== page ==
The cells of the immune system undergo two different kinds of apoptotic processes: activation-induced cell death (AICD), peculiar to immune cells, and damage-induced cell death (DICD), a more generalized phenomenon in response to a variety of cellular insults, mainly oxidative metabolism by-products. AICD is geared towards the elimination of unnecessary lymphocytes following clonal expansion that results from antigenic stimulation, whereas DICD is particularly important for preventing the onset of neoplastic proliferation. We hypothesize that both oxidative stress and chronic antigenic load, which impinge heavily on the immune system, induce decreased lymphocyte susceptibility to DICD and a proinflammatory status leading to increased AICD. This subtle remodeling of AICD and DICD drives immunosenescence, contributing to the phenotypic and functional characteristics of the elderly immune system.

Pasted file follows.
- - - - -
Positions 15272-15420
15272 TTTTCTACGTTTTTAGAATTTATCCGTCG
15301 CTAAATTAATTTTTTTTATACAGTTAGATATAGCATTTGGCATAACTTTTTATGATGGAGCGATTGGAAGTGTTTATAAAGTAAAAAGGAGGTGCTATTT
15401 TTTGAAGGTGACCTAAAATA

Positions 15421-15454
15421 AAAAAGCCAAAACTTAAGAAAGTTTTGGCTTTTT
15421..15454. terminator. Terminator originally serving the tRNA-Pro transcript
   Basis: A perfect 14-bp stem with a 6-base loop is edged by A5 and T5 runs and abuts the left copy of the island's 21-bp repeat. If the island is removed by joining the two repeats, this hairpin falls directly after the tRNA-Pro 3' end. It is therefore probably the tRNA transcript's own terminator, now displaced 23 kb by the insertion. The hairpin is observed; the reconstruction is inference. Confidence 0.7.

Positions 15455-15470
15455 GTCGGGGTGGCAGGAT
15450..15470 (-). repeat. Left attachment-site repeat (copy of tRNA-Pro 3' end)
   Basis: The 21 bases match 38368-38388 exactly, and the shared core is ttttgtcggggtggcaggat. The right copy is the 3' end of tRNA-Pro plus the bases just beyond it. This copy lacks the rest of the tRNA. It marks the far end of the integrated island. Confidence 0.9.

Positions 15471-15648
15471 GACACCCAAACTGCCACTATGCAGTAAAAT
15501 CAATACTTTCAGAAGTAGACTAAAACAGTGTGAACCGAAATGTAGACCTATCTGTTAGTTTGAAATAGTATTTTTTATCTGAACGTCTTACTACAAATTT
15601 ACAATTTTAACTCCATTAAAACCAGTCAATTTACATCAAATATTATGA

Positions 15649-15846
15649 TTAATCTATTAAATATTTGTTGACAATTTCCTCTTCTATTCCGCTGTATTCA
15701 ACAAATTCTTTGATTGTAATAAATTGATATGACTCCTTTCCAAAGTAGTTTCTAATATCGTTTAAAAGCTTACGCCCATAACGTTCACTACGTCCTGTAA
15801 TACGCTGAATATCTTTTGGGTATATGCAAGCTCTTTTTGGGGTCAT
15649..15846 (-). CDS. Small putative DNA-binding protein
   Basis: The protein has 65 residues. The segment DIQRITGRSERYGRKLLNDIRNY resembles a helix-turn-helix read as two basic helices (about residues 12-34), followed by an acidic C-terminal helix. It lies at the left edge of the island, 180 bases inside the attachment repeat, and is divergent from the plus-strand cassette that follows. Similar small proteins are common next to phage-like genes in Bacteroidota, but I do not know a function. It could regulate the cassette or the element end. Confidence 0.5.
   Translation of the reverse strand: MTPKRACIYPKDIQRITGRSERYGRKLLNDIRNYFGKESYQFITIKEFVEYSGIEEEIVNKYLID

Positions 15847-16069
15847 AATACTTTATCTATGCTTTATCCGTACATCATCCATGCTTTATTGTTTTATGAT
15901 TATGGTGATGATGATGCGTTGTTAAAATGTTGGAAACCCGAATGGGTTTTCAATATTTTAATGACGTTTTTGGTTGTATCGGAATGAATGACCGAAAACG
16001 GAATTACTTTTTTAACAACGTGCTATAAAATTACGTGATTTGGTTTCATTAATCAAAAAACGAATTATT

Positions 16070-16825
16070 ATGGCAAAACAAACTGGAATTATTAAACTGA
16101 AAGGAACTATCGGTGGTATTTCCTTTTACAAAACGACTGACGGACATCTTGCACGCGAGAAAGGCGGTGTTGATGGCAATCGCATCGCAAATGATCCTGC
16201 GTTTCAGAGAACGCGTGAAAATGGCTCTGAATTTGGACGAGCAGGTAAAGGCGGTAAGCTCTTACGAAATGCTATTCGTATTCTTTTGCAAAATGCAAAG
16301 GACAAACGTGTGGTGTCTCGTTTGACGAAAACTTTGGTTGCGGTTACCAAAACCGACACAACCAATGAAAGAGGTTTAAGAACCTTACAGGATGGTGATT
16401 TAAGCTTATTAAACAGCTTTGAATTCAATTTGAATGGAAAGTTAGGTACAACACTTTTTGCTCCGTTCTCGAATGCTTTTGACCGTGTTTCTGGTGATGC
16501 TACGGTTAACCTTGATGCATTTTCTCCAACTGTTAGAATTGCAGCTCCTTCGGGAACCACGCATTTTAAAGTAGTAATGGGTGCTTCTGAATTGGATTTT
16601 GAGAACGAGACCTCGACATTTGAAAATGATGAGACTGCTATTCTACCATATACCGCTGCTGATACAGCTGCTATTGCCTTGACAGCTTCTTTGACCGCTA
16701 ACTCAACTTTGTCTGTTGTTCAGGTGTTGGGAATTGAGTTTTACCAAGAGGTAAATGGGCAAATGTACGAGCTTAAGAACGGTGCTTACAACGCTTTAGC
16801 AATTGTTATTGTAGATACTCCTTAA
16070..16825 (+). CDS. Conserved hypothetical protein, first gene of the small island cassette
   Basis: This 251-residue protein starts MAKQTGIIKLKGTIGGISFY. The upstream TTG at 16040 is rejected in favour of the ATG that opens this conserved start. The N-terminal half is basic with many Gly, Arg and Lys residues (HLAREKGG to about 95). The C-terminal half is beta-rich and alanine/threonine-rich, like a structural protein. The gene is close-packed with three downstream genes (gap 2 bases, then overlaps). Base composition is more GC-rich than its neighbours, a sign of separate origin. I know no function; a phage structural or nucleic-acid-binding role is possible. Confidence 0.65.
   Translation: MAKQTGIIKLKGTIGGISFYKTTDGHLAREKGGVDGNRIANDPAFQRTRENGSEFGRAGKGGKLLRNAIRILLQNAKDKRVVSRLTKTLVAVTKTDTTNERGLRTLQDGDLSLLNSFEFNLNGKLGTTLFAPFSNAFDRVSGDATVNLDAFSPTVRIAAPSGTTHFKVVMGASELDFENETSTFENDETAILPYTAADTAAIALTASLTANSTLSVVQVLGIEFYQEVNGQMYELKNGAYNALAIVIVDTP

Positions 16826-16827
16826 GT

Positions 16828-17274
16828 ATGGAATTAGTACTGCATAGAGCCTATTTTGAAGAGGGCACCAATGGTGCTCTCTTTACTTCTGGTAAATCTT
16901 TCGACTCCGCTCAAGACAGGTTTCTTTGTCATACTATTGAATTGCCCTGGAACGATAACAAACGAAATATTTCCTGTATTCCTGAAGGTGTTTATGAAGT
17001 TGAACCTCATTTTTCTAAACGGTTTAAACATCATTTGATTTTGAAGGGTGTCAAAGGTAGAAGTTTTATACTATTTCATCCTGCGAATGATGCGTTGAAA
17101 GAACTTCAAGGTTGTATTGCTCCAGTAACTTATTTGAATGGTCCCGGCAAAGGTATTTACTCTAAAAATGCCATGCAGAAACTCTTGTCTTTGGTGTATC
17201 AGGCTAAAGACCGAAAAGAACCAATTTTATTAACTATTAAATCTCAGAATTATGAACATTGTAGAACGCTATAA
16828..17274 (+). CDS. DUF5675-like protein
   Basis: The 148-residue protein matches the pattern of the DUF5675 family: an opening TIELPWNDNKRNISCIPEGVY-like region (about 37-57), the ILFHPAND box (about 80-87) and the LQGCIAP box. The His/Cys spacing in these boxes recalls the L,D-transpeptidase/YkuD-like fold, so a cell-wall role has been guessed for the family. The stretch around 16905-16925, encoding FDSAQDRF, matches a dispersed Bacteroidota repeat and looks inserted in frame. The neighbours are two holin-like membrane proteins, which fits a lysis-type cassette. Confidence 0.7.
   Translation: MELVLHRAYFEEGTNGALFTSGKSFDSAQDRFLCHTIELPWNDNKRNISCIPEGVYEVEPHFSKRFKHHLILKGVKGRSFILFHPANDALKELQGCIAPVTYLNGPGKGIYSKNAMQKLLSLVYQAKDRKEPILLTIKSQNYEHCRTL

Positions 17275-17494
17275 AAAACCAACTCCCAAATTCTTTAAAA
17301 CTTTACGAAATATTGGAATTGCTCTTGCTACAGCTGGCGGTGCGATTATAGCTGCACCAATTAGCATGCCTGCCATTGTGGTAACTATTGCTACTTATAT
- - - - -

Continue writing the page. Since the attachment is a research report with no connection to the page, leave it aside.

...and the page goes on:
ASJC Scopus subject areas
- Immunology and Allergy